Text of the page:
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... Multitude VLs have been created to provide online education at different levels and fields/topics. For example, ABCmouse provides a learning-simulated environment for children aged from 2 to 8 (ABCmouse, 2021), LABSTER has successfully been used by students in high school (Bonde et al., 2014) as well as in early university levels (Dyrberg et al., 2017), ASPEN HYSYS (AsperTech, 2017), SuperPro (I. Inc., 2017) or SimaPro (SimaPro, 2021) are other examples of software used by university students as well as professionals in the (bio) chemical engineering field. ...
... Although, the students' perspective in the final evaluation of the VLs have been amply studied (i.e. (Ebner and Holzinger, 2003;Bonde et al., 2014;Al-Khalifa, 2017;Dyrberg et al., 2017)), the early stages of the development of VLs have not been sufficiently analyzed. Furthermore, traditionally, students have not participated actively as designer partners in the design process of an educational tool (including educational VLs) (Rudduck and McIntyre, 2007). ...
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... Research from Technical University Denmark found that learners performance on VR-based knowledge tests increased considerably over time, but remained unchanged by the traditional training with a pre-recorded video of the respective simulation on a laptop (Bodekaer, 2015). Research from Stanford University found that learners recall more when using virtual teaching methods than with traditional methods, resulting in a 76% increase in learning effectiveness (Bonde et al., 2014). ...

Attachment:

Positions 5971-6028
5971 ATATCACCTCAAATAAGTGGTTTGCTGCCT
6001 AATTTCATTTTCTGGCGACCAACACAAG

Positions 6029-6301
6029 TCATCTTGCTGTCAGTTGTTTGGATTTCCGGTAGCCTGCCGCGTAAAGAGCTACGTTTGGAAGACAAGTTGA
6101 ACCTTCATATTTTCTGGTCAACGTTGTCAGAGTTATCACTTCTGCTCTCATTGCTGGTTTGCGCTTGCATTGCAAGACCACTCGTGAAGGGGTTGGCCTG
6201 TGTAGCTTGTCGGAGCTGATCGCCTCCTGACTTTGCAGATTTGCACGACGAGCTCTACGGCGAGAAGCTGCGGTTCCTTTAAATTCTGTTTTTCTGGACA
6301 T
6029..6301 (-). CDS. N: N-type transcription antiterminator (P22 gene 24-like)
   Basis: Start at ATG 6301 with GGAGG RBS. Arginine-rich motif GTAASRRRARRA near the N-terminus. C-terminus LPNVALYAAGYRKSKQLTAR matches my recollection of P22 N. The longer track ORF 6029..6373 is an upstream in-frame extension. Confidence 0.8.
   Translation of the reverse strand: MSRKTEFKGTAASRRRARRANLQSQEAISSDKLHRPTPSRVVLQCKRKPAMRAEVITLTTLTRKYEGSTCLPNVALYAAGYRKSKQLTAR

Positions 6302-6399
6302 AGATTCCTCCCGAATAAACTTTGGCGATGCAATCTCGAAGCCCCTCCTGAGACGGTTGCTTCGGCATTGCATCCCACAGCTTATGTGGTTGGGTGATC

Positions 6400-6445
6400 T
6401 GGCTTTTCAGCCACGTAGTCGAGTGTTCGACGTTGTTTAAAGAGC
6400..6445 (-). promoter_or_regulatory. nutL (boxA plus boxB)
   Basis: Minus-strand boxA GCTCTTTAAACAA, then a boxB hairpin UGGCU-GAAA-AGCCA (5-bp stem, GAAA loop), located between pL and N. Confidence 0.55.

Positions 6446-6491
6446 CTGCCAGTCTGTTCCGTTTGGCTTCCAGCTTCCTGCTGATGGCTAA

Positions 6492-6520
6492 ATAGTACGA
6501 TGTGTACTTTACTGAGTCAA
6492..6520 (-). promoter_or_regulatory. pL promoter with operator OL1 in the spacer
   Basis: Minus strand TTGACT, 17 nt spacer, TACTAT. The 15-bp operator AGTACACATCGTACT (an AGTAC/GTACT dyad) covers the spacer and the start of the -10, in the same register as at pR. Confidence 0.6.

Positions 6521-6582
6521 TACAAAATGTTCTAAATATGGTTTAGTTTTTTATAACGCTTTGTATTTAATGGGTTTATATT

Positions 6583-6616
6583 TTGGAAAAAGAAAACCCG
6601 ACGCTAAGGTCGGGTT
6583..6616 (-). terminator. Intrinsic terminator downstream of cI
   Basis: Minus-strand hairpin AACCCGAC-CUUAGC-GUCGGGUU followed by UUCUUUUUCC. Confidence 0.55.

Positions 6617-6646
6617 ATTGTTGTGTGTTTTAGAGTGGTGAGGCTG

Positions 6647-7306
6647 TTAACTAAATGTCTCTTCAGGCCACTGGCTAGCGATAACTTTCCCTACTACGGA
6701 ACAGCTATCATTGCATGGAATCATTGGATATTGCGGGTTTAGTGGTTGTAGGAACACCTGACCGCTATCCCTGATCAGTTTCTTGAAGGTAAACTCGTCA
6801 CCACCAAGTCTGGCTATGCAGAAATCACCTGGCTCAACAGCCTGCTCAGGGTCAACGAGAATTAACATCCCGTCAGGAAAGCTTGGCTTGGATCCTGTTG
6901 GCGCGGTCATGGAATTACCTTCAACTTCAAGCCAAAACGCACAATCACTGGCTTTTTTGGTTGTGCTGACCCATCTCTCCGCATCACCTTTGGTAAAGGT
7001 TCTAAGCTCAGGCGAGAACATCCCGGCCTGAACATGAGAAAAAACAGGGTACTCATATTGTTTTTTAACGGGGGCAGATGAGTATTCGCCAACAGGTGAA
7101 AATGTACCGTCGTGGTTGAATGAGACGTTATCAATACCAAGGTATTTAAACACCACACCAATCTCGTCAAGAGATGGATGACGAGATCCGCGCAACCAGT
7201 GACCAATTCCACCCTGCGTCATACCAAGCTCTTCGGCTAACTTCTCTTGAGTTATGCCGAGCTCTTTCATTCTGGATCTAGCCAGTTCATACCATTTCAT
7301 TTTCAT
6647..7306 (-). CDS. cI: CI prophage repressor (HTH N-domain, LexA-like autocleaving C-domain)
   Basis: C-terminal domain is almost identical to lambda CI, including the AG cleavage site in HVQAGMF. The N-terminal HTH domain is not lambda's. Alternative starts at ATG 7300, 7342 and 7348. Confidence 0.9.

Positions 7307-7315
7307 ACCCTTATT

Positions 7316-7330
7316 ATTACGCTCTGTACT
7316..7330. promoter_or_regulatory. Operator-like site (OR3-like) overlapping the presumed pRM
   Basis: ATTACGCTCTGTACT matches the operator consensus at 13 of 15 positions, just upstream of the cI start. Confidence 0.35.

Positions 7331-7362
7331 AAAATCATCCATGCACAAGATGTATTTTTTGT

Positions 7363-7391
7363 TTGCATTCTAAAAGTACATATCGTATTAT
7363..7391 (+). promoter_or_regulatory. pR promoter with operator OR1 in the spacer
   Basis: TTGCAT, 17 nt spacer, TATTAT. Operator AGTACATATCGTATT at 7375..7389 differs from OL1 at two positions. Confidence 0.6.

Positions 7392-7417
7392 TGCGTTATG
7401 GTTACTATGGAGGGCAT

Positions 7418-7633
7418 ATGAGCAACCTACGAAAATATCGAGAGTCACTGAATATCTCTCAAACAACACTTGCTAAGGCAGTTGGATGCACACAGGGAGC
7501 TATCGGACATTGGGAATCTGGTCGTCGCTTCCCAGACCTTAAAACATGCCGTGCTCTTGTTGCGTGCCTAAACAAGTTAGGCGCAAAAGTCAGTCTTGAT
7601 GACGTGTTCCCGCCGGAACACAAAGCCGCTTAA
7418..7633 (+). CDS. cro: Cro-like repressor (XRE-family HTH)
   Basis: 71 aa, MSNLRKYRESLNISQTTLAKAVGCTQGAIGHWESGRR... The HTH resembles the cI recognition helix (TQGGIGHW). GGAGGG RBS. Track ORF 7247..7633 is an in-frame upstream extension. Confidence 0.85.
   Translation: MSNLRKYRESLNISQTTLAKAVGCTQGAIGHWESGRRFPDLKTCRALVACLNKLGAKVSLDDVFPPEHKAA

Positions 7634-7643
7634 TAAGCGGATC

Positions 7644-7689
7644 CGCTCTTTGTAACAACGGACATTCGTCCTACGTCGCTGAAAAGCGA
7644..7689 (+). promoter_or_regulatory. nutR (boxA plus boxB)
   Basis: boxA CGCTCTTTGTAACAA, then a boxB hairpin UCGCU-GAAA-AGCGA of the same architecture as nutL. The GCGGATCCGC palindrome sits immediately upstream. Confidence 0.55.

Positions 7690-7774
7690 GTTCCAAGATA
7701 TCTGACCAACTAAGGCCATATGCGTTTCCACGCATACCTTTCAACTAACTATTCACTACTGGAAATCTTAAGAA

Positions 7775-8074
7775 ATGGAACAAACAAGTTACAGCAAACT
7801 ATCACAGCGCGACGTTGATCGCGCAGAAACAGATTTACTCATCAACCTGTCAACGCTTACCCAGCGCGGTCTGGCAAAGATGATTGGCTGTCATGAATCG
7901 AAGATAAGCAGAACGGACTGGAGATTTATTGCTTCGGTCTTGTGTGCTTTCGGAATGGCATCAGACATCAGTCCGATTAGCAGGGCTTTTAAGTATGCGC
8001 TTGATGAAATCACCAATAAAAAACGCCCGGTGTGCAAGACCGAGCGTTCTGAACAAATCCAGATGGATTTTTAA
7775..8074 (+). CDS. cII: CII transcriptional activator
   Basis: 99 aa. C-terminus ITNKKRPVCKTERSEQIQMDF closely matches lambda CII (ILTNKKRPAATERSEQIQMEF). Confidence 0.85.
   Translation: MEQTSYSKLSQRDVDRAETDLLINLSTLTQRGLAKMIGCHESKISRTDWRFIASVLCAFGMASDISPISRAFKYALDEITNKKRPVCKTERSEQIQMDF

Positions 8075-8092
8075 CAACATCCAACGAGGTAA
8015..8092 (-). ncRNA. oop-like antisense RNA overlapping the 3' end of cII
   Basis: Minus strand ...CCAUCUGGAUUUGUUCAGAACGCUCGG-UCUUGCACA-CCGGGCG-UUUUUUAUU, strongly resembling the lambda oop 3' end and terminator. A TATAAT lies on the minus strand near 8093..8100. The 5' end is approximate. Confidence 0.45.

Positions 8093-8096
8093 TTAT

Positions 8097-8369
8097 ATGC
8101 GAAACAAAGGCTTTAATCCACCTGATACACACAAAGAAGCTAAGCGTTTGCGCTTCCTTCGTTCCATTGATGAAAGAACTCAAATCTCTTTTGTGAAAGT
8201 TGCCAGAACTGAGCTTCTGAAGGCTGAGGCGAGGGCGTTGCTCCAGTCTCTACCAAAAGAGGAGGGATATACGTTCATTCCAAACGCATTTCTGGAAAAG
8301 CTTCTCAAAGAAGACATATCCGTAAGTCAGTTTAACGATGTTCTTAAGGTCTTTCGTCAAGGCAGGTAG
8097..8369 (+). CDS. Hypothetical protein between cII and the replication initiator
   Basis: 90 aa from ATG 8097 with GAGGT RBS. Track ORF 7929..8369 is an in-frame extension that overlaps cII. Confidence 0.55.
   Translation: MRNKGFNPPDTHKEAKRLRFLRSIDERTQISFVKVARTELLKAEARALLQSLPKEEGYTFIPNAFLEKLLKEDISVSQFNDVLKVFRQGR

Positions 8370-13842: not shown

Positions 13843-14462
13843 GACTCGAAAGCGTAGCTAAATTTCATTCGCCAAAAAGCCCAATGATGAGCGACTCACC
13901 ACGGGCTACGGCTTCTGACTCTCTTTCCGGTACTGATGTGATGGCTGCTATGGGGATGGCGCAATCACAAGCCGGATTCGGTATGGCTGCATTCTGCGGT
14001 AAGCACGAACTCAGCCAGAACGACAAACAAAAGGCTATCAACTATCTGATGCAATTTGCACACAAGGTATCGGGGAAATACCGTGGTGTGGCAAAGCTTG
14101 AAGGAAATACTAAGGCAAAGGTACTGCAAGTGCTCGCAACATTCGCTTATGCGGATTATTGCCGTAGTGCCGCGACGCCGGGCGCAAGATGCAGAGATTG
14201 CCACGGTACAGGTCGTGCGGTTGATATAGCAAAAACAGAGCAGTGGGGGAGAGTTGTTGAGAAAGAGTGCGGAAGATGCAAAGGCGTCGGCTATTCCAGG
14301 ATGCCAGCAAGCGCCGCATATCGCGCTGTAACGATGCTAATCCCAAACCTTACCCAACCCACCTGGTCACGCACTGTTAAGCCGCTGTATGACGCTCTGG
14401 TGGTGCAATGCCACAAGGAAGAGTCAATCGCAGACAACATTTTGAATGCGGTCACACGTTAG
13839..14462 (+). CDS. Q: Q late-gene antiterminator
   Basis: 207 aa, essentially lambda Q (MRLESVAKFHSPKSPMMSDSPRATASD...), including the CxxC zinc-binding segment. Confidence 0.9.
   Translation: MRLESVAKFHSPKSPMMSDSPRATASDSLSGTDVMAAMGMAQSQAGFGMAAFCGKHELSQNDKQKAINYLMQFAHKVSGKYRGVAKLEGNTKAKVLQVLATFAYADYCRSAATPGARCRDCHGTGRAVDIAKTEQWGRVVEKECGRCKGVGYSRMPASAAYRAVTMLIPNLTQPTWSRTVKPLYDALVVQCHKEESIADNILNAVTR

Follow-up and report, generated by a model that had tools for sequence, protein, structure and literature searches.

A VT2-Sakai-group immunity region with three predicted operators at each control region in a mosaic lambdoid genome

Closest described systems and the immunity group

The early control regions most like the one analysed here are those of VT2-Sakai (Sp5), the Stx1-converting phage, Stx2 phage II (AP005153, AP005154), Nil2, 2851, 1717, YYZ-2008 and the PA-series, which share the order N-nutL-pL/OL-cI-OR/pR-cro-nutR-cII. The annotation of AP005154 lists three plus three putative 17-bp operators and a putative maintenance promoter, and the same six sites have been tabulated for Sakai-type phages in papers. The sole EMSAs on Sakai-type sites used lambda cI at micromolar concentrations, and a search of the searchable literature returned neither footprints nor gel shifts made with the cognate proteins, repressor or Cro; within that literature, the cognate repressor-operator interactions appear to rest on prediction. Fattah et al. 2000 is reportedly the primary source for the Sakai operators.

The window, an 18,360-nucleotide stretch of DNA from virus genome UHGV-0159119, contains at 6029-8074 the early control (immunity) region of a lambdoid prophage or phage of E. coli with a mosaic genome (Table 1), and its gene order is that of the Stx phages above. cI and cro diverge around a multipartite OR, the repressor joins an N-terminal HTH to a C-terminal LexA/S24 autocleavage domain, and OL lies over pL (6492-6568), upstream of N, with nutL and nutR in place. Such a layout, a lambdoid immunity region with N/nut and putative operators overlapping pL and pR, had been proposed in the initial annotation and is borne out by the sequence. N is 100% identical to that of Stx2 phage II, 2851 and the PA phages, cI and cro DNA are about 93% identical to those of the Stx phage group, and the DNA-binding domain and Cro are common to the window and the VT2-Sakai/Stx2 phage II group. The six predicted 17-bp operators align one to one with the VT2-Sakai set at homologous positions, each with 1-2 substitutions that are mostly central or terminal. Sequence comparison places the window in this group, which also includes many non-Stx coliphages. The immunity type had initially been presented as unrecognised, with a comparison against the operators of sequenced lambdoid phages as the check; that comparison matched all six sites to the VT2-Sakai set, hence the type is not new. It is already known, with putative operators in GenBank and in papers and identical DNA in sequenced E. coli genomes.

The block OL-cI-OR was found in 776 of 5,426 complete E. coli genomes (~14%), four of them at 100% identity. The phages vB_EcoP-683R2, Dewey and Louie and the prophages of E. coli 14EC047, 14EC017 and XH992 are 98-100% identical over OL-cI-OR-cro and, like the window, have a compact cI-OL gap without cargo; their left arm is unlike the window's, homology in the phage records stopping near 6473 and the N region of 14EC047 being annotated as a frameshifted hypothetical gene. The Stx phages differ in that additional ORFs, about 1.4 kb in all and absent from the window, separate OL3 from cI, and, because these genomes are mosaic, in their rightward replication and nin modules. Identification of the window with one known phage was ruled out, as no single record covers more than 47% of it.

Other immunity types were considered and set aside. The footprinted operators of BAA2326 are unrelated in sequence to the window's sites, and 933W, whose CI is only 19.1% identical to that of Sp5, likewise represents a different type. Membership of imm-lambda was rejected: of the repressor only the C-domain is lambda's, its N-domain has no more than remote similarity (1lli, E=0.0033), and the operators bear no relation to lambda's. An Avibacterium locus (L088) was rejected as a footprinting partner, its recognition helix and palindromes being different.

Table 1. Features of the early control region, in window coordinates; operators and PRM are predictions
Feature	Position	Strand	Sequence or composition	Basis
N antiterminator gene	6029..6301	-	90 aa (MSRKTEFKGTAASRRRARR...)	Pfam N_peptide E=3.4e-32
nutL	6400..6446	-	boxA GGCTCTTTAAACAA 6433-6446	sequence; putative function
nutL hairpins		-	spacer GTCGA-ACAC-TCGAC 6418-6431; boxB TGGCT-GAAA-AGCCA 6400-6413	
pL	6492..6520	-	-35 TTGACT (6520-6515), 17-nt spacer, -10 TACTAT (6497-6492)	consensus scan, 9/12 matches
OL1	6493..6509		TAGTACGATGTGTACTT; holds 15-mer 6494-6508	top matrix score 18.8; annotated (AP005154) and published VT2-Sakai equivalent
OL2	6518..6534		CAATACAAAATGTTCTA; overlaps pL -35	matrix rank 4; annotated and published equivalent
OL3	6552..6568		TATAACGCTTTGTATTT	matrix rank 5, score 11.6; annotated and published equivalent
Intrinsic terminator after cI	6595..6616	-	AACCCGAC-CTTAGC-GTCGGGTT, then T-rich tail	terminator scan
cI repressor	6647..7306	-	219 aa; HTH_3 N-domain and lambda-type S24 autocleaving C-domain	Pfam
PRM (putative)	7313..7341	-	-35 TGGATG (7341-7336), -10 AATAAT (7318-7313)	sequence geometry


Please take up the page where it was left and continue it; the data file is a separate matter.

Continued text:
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Existing XR simulations use pre-configured scenarios in which the trainee always experiences the same training, without any variation or personalization to suit the needs or background and behaviour of the trainee. This research intends to contribute to the existing knowledge in the field of AI-driven narrative exploring how training simulators could evolve towards an interactive and dynamic narrative experience, by integrating Artificial Intelligence in an Extended Reality training simulator. In particular, the simulator uses a Content-Based recommender system to recommend training scenarios to the user. Although customization can be achieved in many ways, this project focuses on in-game input data: user interaction with virtual objects, decisions made by the user, and metadata associated with the training scenario.